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  • Reproducibility of Execution Environments in Computational ScienceUsing Semantics and Clouds

    Idafen Santana-Pereza,, Rafael Ferreira da Silvab, Mats Ryngeb, Ewa Deelmanb, Mara S. Perez-Hernandeza, Oscar Corchoa

    aOntology Engineering Group, Universidad Politecnica de Madrid, Madrid, SpainbUniversity of Southern California, Information Sciences Institute, Marina del Rey, CA, USA

    Abstract

    In the past decades, one of the most common forms of addressing reproducibility in scientific workflow-based computational sciencehas consisted of tracking the provenance of the produced and published results. Such provenance allows inspecting intermediateand final results, improves understanding, and permits replaying a workflow execution. Nevertheless, this approach does notprovide any means for capturing and sharing the very valuable knowledge about the experimental equipment of a computationalexperiment, i.e., the execution environment in which the experiments are conducted. In this work, we propose a novel approachbased on semantic vocabularies that describes the execution environment of scientific workflows, so as to conserve it. We definea process for documenting the workflow application and its related management system, as well as their dependencies. Then weapply this approach over three different real workflow applications running in three distinct scenarios, using public, private, andlocal Cloud platforms. In particular, we study one astronomy workflow and two life science workflows for genomic informationanalysis. Experimental results show that our approach can reproduce an equivalent execution environment of a predefined virtualmachine image on all evaluated computing platforms.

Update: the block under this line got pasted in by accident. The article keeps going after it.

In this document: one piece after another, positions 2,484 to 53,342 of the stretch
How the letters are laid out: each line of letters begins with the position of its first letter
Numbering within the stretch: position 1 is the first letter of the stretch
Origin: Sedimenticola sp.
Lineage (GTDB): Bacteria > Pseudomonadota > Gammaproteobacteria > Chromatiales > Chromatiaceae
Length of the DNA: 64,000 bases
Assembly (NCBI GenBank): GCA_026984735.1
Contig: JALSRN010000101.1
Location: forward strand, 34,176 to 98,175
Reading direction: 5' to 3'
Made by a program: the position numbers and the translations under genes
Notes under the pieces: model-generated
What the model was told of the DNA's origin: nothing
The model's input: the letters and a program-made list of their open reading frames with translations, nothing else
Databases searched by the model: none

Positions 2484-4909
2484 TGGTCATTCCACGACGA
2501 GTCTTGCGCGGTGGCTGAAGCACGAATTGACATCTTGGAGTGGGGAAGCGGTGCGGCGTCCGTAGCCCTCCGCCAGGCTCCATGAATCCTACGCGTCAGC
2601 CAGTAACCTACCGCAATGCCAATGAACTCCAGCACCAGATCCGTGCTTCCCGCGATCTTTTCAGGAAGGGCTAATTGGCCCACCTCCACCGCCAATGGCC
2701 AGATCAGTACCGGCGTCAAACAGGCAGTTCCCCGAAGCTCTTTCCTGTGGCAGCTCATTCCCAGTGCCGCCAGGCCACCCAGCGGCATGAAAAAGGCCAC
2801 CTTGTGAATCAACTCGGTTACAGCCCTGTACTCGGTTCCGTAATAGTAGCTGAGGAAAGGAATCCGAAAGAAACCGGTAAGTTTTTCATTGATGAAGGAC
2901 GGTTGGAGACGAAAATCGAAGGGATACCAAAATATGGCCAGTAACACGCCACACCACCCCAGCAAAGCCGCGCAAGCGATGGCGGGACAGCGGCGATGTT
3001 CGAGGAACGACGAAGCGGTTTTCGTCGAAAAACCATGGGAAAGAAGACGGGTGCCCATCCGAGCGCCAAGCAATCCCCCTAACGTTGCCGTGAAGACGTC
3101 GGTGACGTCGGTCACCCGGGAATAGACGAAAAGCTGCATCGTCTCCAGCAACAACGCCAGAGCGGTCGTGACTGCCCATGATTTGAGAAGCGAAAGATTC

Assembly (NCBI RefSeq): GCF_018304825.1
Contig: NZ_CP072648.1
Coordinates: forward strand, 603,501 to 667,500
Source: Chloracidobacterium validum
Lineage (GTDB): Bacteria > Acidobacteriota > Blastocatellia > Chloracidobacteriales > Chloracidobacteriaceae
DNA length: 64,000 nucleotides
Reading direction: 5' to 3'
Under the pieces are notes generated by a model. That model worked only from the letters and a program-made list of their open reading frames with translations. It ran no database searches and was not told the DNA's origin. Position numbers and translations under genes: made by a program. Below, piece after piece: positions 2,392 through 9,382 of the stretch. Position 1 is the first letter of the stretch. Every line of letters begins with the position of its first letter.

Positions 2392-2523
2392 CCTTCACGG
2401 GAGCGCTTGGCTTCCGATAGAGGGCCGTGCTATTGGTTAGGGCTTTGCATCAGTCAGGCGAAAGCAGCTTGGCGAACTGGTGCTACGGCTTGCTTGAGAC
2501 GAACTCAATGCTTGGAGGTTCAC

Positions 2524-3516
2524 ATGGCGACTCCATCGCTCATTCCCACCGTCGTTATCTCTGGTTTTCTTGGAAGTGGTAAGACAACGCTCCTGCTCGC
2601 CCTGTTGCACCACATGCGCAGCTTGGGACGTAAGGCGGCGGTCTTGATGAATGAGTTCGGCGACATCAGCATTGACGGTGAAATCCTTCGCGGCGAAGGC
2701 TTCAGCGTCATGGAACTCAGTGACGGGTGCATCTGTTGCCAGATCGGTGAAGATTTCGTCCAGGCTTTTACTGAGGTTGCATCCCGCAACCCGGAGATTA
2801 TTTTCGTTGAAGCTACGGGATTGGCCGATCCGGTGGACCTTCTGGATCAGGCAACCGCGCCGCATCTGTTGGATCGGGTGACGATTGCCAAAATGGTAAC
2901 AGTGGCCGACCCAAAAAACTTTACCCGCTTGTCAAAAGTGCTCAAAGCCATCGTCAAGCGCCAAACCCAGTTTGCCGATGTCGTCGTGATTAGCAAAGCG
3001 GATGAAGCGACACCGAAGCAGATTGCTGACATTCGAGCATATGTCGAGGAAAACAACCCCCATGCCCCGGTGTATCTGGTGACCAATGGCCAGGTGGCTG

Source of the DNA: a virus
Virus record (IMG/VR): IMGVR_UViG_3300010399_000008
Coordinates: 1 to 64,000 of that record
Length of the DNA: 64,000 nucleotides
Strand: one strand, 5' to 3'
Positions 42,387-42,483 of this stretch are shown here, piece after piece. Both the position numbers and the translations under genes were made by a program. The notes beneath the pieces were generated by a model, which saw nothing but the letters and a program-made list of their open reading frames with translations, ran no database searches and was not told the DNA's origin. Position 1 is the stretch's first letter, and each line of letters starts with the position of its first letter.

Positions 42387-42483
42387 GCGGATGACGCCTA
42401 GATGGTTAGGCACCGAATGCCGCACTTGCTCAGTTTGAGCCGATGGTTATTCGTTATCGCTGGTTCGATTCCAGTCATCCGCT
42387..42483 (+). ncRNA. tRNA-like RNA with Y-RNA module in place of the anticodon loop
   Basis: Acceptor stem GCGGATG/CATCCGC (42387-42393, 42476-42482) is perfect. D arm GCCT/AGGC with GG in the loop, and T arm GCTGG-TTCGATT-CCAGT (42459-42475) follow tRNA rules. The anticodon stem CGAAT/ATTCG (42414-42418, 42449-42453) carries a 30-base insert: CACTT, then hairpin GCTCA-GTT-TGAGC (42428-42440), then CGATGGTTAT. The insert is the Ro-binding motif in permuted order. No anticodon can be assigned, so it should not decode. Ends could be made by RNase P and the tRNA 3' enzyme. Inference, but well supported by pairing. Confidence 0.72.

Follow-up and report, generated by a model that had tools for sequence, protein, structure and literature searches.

Keywords: Semantic Metadata, Scientific Workflow, Reproducibility, Life Sciences.

    1. Introduction

    Reproducibility of results of scientific experiments is a cor-nerstone of the scientific method. Therefore, the scientific com-munity has been encouraging researchers to publish their con-tributions in a verifiable and understandable way [1, 2]. In com-putational science, or in-silico science, reproducibility often re-quires that researchers make code and data publicly availableso that the data can be analyzed in a similar manner as in theoriginal work described in the publication. Code must be madeavailable, and data must be accessible in a readable format [3].

    Scientific workflows are a useful representation for managingthe execution of large-scale computations. Many scientists nowformulate their computational problems as scientific workflowsrunning on distributed computing infrastructures such as cam-pus Clusters, Clouds, and Grids [4]. Researchers in bioinfor-matics have embraced workflows for a whole range of analyses,including protein folding [5], DNA and RNA sequencing [6, 7],and disease-related research [8, 9], among others. The work-flow representation not only facilitates the creation and man-agement of the computation but also builds a foundation uponwhich results can be validated and shared.

    Corresponding address: Ontology Engineering Group (OEG), Laboratoriode Inteligencia Artificial, Facultad de Informatica, Universidad Politecnica deMadrid, Avda. Monteprncipe, s/n, Boadilla del Monte, 28660, Spain